AT&T Gives Up Revenue and Profits to Keep Customers

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AT&T Inc. (NYSE: T) reported second quarter 2014 results after markets closed Wednesday. The telecom giant reported adjusted diluted quarterly earnings per share (EPS) of $0.62 on revenues of $32.6 billion. In the same period a year ago, the company reported EPS of $0.67 on revenues of $32.08 billion. Second-quarter results compare to the consensus estimates for EPS of $0.63 on revenues of $33.22 billion.

Wireless revenues rose 3.7% year-over-year and totaled $17.9 billion, down sequentially from $18.44 billion in the first quarter. That total marks a 4.5% year-over-year increase. Wireless operating margins rose to 24.1%, up sequentially from 28.3% but down year-over-year from 27.1%.

Wireline revenues totaled $14.6 billion for the quarter, down 0.9% year-over-year and essentially flat sequentially. Operating margins fell from 11.1% a year ago to 9.7% this year, and are down from 9.9% in the first quarter of this year..

AT&T said it added a net 1.03 million postpaid wireless customers in the quarter, its largest one-quarter gain in five years. Where things go a little askew is in average revenue per user (ARPU) which dropped 7.7% year-over-year for phone-only postpaid subscribers. For customers on the company’s Next monthly billing plan, ARPU fell 4.7%. AT&T says that as customers upgrade equipment under the Next plan the company expects monthly billings to increase.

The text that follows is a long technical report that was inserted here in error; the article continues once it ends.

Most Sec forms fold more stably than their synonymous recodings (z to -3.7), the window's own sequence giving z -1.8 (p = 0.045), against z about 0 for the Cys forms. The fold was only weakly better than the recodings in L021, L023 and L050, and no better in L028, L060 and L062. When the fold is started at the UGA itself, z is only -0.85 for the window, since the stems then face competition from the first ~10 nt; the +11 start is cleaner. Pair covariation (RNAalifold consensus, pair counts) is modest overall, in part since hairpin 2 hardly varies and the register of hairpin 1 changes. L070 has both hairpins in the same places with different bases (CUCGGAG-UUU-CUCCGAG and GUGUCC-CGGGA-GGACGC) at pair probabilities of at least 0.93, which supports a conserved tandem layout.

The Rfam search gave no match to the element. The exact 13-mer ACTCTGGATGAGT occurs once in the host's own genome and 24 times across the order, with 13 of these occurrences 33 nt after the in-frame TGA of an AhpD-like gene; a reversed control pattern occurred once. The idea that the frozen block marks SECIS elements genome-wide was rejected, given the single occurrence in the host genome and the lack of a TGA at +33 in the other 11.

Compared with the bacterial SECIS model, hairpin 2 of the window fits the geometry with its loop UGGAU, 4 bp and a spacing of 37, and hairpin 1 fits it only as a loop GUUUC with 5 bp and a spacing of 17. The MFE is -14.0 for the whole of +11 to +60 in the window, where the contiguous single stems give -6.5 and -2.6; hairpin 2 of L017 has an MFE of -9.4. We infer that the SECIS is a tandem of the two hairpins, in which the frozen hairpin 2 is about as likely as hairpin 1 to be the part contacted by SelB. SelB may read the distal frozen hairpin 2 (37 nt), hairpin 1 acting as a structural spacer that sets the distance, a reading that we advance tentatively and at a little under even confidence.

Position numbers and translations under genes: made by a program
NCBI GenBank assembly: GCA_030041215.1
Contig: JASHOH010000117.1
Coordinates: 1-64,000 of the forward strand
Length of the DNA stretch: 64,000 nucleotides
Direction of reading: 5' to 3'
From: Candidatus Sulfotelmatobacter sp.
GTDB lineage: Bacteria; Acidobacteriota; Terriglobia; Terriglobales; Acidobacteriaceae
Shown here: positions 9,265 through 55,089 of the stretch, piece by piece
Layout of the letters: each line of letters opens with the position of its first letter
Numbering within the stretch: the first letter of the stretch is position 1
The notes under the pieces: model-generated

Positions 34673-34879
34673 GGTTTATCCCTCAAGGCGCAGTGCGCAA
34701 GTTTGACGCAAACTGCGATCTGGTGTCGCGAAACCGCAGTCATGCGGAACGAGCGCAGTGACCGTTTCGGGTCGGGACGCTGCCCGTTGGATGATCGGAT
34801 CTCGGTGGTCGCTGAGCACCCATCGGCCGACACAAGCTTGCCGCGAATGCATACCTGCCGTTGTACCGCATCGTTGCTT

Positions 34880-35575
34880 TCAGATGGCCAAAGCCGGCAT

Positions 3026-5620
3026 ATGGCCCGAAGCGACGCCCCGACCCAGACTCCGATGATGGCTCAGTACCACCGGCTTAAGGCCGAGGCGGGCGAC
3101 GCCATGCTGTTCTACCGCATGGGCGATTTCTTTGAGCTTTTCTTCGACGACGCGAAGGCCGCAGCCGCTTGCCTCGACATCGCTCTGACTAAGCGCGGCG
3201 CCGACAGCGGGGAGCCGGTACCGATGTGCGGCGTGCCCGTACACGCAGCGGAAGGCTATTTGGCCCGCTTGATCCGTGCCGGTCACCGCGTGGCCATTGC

The company’s CEO said:

The quarter was marked by several transformative moves to grow our wireless, broadband and video services. We announced our intent to acquire DIRECTV, which will improve our video position and our ability to bundle broadband, mobility and video services nationally. Our move to simple pricing and no-device-subsidy plans is repositioning the wireless business model, resulting in our best postpaid net adds in nearly five years and our lowest-ever postpaid churn.

AT&T guided full-year 2014 revenue growth of 5% and expects stable consolidated margins. Adjusted EPS growth is expected to improve at the low-end of the mid-single digit range. Revenue guidance is higher than the consensus estimate of $133.93 billion for 2014, while the earnings guidance appears to be short of the consensus estimate of $2.67 by about a dime.

Shares are down about 1.3% at $35.40 in after-hours trading after closing at $35.88. The stock’s 52-week range is $31.74 to $36.86. Prior to today’s release Thomson/Reuters had a consensus price target of around $36.00 on the company’s shares.

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